Les Contes d'Hoffmann

Jacques Offenbach

Les Contes d’Hoffmann

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Overview

An ensemble of leading lights takes the stage for Offenbach’s fantastical final work, headlined by tenor Benjamin Bernheim in the title role of the tormented poet. Hoffmann’s trio of lovers are sung by soprano Erin Morley as the mechanical doll Olympia, soprano Pretty Yende as the plagued diva Antonia, and mezzo-soprano Clémentine Margaine as the Venetian seductress Giulietta. Marco Armiliato conducts Bartlett Sher’s evocative production, which also features bass-baritone Christian Van Horn as the Four Villains and mezzo-soprano Vasilisa Berzhanskaya in an important company debut as Hoffmann’s friend Nicklausse.

Please note that video cameras will be in operation during the Oct 1 and Oct 5 performances as part of the Met’s Live in HD series of cinema transmissions.

Production a gift of the Hermione Foundation, Laura Sloate, Trustee; and the Gramma Fisher Foundation, Marshalltown, Iowa

Additional support from the Estate of Helen F. Kelbert and Mr. and Mrs. William R. Miller 

Revival a gift of C. Graham Berwind, III and Elizabeth M. and Jean-Marie R. Eveillard

Languages

Languages sung in Les Contes d’Hoffmann

Sung In

French

Titles

Title languages displayed for Les Contes d’Hoffmann

Met Titles In

  • English
  • German
  • Spanish

Timeline

Timeline for the show, Les Contes d’Hoffmann

Estimated Run Time

3 hrs 35 mins

  • House Opens

  • Prologue & Act I

    70 mins

  • Intermission

    30 mins

  • Act II

    50 mins

  • Intermission

    25 mins

  • Act III & Epilogue

    45 mins

  • Opera Ends

Les Contes d'Hoffmann

Premiere: Opéra Comique, Paris, 1881. After becoming the toast of Paris with his witty operettas, Jacques Offenbach set out to create a more serious work. He chose as his source a successful play based on the stories of visionary German writer E.T.A. Hoffmann. Three of these tales—at once profound, eerie, and funny—were unified in the play by a narrative frame that made Hoffmann the protagonist of his own stories. Each episode recounts a catastrophic love affair, and throughout the opera, Hoffmann is dogged by a diabolical nemesis and accompanied by his faithful friend Nicklausse.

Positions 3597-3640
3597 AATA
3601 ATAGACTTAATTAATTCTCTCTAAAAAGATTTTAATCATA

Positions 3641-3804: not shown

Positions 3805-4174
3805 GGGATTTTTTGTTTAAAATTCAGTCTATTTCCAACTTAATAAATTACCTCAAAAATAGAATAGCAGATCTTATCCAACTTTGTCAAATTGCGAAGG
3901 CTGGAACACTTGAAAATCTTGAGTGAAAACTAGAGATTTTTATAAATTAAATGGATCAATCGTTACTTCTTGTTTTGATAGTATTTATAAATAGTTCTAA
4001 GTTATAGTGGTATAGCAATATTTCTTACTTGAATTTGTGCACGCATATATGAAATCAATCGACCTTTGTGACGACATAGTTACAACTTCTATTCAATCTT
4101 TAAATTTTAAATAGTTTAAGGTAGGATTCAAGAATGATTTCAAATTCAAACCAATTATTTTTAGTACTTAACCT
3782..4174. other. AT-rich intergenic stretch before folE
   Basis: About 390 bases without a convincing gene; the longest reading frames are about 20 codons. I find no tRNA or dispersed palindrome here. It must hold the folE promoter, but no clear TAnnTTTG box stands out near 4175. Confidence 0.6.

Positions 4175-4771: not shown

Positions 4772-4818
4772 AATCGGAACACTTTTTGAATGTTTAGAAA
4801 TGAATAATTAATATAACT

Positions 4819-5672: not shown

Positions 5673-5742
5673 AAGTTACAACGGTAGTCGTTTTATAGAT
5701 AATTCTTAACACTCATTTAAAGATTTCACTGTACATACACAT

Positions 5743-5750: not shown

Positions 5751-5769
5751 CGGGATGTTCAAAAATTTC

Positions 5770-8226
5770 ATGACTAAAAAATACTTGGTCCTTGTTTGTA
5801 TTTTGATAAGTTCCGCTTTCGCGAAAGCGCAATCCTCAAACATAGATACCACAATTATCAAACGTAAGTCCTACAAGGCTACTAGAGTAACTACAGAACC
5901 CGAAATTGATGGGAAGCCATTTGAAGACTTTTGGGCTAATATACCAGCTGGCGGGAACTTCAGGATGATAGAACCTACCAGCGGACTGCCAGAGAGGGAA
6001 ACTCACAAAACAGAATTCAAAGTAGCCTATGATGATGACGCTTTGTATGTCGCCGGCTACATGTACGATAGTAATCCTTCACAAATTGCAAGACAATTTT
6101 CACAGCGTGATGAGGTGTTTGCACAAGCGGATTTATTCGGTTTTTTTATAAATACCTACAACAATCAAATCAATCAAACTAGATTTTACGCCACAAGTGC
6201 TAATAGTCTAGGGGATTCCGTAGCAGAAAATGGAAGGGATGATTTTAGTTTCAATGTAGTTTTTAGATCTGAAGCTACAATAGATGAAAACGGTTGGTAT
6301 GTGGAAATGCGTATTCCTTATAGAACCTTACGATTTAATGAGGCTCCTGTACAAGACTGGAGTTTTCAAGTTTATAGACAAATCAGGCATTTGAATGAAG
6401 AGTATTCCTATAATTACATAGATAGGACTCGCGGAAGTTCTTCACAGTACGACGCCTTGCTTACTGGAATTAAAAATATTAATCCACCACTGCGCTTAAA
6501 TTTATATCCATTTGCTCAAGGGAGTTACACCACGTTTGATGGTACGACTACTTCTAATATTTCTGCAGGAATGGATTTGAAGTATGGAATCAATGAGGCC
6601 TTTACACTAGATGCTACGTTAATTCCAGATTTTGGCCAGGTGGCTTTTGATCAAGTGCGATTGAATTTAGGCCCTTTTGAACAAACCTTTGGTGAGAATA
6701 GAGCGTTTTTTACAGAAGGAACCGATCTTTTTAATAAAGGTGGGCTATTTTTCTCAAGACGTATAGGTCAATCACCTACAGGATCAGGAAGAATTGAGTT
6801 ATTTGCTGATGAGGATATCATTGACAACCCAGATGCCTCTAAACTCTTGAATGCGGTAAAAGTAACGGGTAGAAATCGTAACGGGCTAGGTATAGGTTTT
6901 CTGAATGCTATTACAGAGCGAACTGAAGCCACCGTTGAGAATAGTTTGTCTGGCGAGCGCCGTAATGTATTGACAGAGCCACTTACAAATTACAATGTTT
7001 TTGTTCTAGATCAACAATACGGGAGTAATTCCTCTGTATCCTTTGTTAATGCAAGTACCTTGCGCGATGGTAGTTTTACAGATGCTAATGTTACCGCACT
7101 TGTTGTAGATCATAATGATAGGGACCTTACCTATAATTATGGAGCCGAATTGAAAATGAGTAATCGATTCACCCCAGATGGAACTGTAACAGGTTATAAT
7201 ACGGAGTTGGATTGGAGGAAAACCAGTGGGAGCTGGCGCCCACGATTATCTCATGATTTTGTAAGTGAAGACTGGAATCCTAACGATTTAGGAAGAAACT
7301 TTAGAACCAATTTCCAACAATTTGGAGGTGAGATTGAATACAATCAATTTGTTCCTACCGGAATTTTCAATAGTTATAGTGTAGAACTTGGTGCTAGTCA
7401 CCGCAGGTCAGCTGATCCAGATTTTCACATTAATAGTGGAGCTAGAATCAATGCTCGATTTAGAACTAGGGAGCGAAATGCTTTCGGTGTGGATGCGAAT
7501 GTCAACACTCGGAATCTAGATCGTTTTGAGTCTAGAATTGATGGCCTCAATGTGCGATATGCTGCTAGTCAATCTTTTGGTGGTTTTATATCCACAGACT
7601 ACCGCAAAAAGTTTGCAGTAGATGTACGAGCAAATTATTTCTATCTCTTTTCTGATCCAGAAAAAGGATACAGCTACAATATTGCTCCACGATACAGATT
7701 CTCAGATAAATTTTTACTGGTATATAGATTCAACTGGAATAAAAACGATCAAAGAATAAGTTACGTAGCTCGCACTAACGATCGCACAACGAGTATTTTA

Creators

Jacques Offenbach (1819–80) was born Jacob Offenbach in Cologne, Germany, of Jewish ancestry. He moved to Paris in 1833, where he became a hugely successful composer of almost 100 operettas. Jules Barbier (1825–1901) was the librettist for many operas, including Gounod’s Faust and Roméo et Juliette. He frequently collaborated with Michel Carré (1822–72), with whom he wrote the play on which the Hoffmann libretto is based. E.T.A. Hoffmann (1776–1822) was a German author and composer whose stories have inspired a variety of subsequent works, including Tchaikovsky’s ballet The Nutcracker.

PRODUCTION

Bartlett Sher

SET DESIGNER

Michael Yeargan

COSTUME DESIGNER

Catherine Zuber

LIGHTING DESIGNER

James F. Ingalls

CHOREOGRAPHER

Dou Dou Huang

Headshot of Jacques Offenbach

Composer

Jacques Offenbach

Setting

Les Contes d'Hoffmann

The action of the prologue and epilogue takes place in an unnamed German city, in “Luther’s tavern.” The tavern setting (as well as the lurking presence of a diabolical client) recalls the Faust legend and casts an otherworldly ambience on the subsequent episodes. Each of these flashbacks occurs in evocative settings representing a cross-section of European cultures: Paris (Act I), Munich (Act II), and Venice (Act III). In Bartlett Sher’s production, the world of Franz Kafka and the era of the 1920s provide a dramatic reference point.

Music

Offenbach’s music is diverse, ranging seamlessly from refined lyricism to a broader sort of vaudeville, with the extreme and fantastic moods of the story reflected in the eclectic score. The composer’s operetta background is apparent in the students’ drinking songs in the prologue and epilogue, in the servant’s comic song in Act II, and in Act I’s glittering entr’acte and chorus. The juxtaposition of beauty and grotesquerie, which is such a striking feature of the drama, is also found throughout the music.

Manon